Central Europe

Nowadays, Germany is taken for granted as a Western European country. But will it remain so?

Historically, the area that today forms the state of Germany, as well as the people from which the German nation emerged, has mostly seen itself as Central European or as a specifically German cultural area. The commitment to the “West”, i.e. to the liberal sphere under the aegis of the United States, was only made by the first Chancellor of the Federal Republic of Germany, Konrad Adenauer. Therefore, at first only the FRG was meant, the former GDR has only been counted as part of the West since the beginning of the 1990s.

Today, the geopolitical construct of the West is under intense pressure. Brexit, the political upheavals in the USA including Donald Trump’s presidency, but also the ongoing economic problems of the Eurozone and the systemic competition with China are putting pressure on it. Should Marine Le Pen be elected president of France next year, one of the EU’s two most important states would also be on a direct path in a different direction.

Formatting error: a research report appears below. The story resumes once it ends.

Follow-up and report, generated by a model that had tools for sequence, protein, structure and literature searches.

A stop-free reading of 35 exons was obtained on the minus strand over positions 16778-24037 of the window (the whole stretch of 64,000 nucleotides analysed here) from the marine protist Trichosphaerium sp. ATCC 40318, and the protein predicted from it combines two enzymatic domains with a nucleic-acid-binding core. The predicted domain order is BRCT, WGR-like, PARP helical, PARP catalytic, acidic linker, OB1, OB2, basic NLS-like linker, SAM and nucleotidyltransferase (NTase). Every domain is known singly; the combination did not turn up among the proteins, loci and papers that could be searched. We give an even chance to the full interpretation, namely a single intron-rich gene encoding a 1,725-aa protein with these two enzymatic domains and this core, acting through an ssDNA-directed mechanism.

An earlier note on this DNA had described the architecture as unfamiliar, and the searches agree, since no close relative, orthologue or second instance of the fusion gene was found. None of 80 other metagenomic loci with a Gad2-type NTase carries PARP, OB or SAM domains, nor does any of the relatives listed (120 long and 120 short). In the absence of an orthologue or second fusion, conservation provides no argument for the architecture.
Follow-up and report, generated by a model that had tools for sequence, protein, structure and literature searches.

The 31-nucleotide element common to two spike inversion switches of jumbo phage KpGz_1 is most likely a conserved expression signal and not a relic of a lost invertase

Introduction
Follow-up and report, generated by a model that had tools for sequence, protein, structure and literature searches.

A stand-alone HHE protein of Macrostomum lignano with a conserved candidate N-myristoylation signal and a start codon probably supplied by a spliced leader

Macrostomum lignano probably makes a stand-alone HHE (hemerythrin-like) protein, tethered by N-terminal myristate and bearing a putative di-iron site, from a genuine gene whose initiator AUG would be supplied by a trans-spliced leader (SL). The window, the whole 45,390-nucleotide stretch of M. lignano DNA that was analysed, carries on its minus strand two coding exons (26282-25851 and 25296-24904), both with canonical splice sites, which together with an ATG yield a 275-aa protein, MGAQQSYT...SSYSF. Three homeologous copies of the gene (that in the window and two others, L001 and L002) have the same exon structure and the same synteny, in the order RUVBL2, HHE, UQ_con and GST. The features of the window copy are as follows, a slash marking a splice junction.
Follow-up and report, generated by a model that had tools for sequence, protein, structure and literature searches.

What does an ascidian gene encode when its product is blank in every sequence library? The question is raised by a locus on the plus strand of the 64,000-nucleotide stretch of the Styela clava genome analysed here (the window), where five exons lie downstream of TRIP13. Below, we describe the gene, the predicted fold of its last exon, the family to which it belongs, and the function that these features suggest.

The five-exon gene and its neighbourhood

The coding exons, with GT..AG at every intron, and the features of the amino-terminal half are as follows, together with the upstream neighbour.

Apart from that, Germany has long since reoriented itself more towards Central and Eastern Europe than is often perceived. Poland has already overtaken France in the volume of interstate trade with Germany, and considered as a unit with Slovakia, the Czech Republic and Hungary, it represents Germany’s largest trading partner. In addition, there are the close ties with Austria, which has traditionally been oriented towards South-Eastern Europe. And Germany is also becoming less and less comfortable in its increasing role as financier of the Eurozone, as the legal disputes over the Corona Bonds show. Often overlooked is the fact that only five of Germany’s nine neighbours use the euro; all its northern and eastern neighbours use their national currencies.

It could soon be normal again to think of Germany as primarily a Central European country.

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